The U.S. Securities and Exchange Commission (SEC) Wednesday approved new rules for the three major U.S. listing markets to toughen standards for companies going public through a reverse merger.
Currently, reverse merger companies, like other operating companies, can pay to be listed on an exchange. However, in some cases, regulators and auditors have greater difficulty getting reliable information from reverse merger companies, particularly those based overseas, the SEC said.
The SEC launched an initiative last summer to determine whether certain companies with foreign operations -- including those that were the product of reverse mergers -- were accurately reporting their financial results, and to assess the quality of the audits being done by the auditors of these companies.
The SEC and U.S. exchanges in recent months have suspended or halted trading in more than 35 companies based overseas, including some companies formed by reverse mergers, as they lacked current and accurate financial information.
Meanwhile, in June the SEC issued an investor bulletin warning investors about companies that engage in reverse mergers.
To prevent accounting fraud and protect investors, Nasdaq, NYSE, and NYSE Amex proposed additional rules to impose more stringent listing requirements for reverse merger companies.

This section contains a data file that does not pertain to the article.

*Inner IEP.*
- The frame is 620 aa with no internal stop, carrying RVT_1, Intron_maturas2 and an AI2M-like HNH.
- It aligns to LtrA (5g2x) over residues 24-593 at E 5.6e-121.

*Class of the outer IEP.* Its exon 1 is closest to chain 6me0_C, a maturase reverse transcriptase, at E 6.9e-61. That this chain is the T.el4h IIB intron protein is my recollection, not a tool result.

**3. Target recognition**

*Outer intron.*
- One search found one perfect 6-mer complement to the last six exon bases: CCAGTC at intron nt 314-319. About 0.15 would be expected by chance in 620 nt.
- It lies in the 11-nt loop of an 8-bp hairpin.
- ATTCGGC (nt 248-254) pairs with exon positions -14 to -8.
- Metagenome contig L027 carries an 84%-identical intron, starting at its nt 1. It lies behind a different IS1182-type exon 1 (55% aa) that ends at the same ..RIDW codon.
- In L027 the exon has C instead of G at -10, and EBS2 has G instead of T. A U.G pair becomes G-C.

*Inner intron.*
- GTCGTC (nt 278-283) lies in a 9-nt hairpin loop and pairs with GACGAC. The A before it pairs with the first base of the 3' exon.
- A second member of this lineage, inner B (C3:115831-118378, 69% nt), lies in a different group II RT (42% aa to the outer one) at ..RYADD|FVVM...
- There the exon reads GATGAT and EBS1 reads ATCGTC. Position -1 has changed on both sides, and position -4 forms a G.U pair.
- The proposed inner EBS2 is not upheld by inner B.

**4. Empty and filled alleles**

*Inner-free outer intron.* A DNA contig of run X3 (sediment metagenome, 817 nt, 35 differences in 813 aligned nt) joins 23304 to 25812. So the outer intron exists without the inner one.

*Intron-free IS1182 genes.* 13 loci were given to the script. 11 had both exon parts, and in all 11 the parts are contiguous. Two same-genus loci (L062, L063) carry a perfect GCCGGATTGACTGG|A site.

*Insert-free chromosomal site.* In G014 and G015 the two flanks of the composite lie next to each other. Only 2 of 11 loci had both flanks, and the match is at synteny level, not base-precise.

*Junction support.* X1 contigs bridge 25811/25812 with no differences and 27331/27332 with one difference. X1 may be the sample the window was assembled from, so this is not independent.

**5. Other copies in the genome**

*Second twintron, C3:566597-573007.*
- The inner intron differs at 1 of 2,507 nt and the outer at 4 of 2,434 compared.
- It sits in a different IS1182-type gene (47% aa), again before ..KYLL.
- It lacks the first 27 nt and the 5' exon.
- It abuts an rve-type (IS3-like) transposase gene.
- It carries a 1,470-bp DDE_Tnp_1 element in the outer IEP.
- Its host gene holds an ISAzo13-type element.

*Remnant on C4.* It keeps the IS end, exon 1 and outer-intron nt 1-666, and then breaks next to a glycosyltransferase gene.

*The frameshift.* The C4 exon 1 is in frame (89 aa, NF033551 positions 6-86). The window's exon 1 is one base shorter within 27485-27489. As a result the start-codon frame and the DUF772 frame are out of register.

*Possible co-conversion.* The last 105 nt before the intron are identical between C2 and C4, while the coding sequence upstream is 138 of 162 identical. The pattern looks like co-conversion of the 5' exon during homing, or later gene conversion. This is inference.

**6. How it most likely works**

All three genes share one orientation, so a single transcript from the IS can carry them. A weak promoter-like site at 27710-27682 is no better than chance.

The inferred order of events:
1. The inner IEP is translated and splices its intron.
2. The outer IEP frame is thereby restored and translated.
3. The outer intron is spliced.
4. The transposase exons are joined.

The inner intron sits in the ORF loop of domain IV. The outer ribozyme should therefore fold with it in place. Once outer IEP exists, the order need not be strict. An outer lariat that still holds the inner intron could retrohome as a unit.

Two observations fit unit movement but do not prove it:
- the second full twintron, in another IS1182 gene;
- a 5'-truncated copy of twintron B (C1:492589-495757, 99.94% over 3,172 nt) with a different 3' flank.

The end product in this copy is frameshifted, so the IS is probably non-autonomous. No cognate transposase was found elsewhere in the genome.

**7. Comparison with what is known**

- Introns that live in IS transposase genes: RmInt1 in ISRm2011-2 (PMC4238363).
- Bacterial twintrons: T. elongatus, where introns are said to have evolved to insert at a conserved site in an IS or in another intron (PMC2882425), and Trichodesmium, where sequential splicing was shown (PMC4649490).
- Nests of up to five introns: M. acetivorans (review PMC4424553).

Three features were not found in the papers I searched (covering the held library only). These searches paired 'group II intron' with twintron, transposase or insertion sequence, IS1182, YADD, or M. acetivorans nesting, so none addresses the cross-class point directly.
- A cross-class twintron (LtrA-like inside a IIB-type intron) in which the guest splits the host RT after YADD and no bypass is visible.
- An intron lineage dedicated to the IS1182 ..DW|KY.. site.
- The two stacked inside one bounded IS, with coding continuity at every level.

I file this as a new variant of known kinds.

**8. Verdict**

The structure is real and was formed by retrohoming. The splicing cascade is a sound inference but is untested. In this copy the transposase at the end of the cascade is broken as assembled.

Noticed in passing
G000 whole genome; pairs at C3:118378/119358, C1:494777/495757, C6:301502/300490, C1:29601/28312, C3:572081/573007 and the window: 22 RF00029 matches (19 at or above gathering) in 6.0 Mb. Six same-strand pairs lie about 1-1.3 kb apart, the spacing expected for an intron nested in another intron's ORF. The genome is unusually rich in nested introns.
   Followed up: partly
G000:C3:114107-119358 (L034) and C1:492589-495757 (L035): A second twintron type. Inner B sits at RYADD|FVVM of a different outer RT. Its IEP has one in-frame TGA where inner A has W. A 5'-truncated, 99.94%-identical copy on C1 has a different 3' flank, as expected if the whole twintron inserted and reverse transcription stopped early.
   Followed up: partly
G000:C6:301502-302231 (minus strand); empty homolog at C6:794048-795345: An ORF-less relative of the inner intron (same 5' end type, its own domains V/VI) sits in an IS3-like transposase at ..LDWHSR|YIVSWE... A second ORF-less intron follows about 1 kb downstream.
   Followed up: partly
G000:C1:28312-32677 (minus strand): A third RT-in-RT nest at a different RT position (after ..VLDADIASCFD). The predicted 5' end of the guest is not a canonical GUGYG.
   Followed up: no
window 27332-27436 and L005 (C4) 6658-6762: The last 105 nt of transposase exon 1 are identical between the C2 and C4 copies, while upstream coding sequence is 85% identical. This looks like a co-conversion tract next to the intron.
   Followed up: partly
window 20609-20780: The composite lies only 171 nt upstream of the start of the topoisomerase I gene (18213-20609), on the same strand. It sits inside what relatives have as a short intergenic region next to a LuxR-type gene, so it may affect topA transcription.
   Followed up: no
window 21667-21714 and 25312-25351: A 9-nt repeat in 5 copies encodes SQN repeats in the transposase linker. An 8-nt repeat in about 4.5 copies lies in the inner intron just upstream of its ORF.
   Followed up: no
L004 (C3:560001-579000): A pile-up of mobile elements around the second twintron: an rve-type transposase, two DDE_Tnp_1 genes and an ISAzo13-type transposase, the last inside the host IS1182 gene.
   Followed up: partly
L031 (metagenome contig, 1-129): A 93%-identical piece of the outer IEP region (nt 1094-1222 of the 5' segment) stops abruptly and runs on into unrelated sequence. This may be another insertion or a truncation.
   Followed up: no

Under the new rules, a reverse merger company applying to list is required to complete an one-year "seasoning period" by trading in the U.S. over-the-counter market or on another regulated U.S. or foreign exchange following the reverse merger, and to file all required reports with the SEC, including audited financial information.
In addition, the company has to maintain the requisite minimum share price for a sustained period, and for at least 30 of the 60 trading days, immediately prior to its listing application and the exchange's decision to list.
"Placing heightened requirements on reverse merger companies before they can become listed on an exchange will provide greater protections for investors," SEC Chairman Mary L. Schapiro said.
However, reverse merger companies would generally be exempt from these special requirements if they are listing in connection with a substantial firm commitment underwritten public offering, or the reverse merger has submitted at least four annual reports with audited financial statements to the SEC.